NASHVILLE, Tenn. – Companies that belong to the Tennessee Chamber of Commerce and Industry, and even the Chamber itself, are backing off from the Chamber’s suppport for anti-gay legislation signed by Republican Gov. Bill Haslam on Monday.

UnitedHealth Group, the parent company of the United HealthCare health insurance company which is a member of the Tennessee Chamber, issued a statement that it emailed to this newspaper Monday, stating, “We did not lobby for nor support Tennessee SB632/HB600.” The company said its health plans cover domestic partnerships, and points out that it has consistently received a score of 100 on the Human Rights Campaign Corporate Equality Index, the highest score possible.

In fact, many of the companies belonging to the Tennessee Chamber of Commerce have received high scores on the HRC’s Corporate Equality Index, which makes it puzzling as to how the Chamber (initially) went forward with support for such an anti-LGBT measure.

The UnitedHealth Group email came in response to our report yesterday about a coalition of business and religious groups in Tennessee coming together to support the bill, which removes lesbian-gay-bisexual-transgender discrimination protections from Nashville, and prohibits any Tennessee municipality from taking up that issue. This legislation was a response to a Nashville ordinance, passed last month, that required any contractors that wished to do business with the city and county to comply with equal protection for sexual orientation and gender identity.

The bill was actively supported by the Tennessee Chamber of Commerce and Industry, which is chaired by Nissan. The Chamber claimed that the Nashville protections were an “additional burden” to business. The board of directors of the Tennessee Chamber includes: AT&T, FedEx, Comcast, DuPont, Pfizer, Blue Cross Blue Shield, Caterpillar, KPMG, Whirlpool, Embraer, Alcoa, and United HealthCare.

Not surprisingly, these companies have faced a wave of protest because of the Chamber’s support of the bill. Opponents of the bill, led by AmericaBlog Gay, started a petition demanding that the companies come out against the measure.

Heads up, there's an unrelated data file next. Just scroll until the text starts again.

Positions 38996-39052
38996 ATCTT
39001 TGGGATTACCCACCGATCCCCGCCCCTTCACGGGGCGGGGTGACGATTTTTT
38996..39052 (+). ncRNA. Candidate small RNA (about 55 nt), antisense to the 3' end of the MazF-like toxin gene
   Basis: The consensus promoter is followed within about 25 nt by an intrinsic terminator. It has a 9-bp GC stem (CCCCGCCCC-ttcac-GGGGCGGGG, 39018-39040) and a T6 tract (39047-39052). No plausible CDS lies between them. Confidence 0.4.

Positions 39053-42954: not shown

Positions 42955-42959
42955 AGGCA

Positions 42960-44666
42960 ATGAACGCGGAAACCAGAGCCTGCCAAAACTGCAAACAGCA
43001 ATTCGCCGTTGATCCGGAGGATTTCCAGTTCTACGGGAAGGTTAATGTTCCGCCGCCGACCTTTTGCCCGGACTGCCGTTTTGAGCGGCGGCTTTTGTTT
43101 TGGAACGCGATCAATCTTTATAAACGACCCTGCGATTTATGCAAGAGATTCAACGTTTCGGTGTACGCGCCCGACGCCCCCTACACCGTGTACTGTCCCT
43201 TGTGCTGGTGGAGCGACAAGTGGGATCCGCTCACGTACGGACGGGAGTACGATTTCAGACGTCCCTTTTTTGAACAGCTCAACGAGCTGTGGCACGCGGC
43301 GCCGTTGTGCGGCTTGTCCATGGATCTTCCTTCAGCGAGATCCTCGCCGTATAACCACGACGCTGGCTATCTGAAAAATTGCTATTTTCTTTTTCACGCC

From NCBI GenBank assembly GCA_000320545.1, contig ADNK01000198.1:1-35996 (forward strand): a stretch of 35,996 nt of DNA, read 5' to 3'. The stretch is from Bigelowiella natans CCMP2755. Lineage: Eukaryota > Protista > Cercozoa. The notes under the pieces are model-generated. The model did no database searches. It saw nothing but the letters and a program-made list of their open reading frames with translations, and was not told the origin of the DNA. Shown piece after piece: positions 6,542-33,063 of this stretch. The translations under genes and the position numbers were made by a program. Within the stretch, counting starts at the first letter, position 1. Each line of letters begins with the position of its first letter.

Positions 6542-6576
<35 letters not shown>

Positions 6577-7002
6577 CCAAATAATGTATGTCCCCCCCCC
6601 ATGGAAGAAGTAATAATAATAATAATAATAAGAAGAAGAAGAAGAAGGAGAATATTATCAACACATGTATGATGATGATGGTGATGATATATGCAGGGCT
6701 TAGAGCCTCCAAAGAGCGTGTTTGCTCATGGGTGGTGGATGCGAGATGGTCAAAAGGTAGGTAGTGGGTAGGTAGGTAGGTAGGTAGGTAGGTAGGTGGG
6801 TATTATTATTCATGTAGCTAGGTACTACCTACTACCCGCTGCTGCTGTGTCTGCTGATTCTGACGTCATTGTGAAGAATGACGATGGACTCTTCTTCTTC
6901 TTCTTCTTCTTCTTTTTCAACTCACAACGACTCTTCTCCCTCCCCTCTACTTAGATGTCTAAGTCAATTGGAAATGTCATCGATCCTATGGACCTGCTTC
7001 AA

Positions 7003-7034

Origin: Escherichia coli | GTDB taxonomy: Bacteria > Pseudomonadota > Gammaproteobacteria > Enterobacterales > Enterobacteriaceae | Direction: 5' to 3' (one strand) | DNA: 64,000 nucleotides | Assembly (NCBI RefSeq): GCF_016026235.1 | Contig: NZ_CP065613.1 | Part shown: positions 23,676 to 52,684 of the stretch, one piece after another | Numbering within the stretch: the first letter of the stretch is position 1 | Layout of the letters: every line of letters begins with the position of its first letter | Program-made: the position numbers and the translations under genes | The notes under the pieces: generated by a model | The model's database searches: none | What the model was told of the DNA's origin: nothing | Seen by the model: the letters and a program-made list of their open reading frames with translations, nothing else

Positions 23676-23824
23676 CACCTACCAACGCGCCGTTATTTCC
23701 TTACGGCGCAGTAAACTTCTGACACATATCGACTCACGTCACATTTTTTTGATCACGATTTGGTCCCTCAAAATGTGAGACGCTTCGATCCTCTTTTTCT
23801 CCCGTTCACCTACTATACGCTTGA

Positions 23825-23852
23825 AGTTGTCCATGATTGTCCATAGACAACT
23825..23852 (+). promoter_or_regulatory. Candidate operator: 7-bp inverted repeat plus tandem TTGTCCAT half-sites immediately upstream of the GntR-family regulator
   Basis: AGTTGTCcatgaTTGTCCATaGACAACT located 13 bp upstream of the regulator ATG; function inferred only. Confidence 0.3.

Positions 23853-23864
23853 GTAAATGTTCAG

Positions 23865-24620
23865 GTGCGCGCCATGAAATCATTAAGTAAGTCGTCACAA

On Monday, Garden State Equality, a New Jersey LGBT group, withdrew awards they had given to AT&T, KPMG, and Pfizer in the past.

In light of the growing outrage, many of the corporations in the Chamber issued statements regarding the legislation.

The Chamber of Commerce and Industry itself issued the following statement on Monday: “The Tennessee Chamber supports a standard regulatory environment at the state level as opposed to potentially conflicting local regulations covering employment practices … That principle was the only interest the Chamber had in this bill. Because [the bill] has turned into a debate on diversity and inclusiveness principles, which we support, we are now officially opposing this legislation in its present form.”

However, the Chamber issued this statement 20 seconds before the governor signed the bill into law, rendering it basically pointless.

Americablog Gay tracked many of these corporations as they issued statements regarding the issue, and then rated the statements based on their usefulness.

Receiving a rating of “Helpful” were Alcoa and Nissan. Alcoa, an aluminum manufacturer, was the only company to issue a statement unequivocally supporting a veto of the bill. Nissan issued two statements condemning the measure, one over the weekend and one on Monday.

United HealthCare, Whirlpool,and DuPont all received “Barely Helpful” for the statements they issued. Whirlpool issued its statement hours before the governor signed the bill, stating that they will “inform” him of their position. Receiving a “Meh” were KPMG, AT&T, and FedEx for their responses. AT&T and FedEx issued responses that did not even take a stand on the bill. The Chamber, Embraer and Comcast all were scored as “Basically Useless” for issuing statements mere hours, or even seconds, before the bill was signed into law. Coming in dead last at “Totally Useless” was Caterpillar, which evidently could not be bothered for a statement.

It seems that these companies would like to project an image that they are simply members of the Chamber, as FedEx claimed. However, Nissan is the chair of the Chamber, and the corporations listed here are on its board of directors.

While many find it (almost) heartening to see these companies (belatedly) come out against such an anti-gay measure, their opposition only came after public outcry and embarrassment.


Ryan C. Ebersole
Ryan C. Ebersole

Ryan Ebersole is a mental health counselor on the Mississippi Gulf Coast. Having finished his Masters degree at the University of Southern Mississippi, his undergraduate degree at the University of Evansville in Indiana, high school in the Fort Worth area of Texas and pre-K in Puerto Rico, and having been born in Florida, he has experienced several areas of the county.

While in Indiana, he worked at a social work agency for HIV+ clients, as well as a low-income community drug and alcohol rehabilitation facility - both of which caused him to take a great interest in the stigmatized and the disadvantaged in our society. Now as a mental health professional, he hopes to serve these groups, as well as continue political activism, especially for LGBT and health care rights, on the side.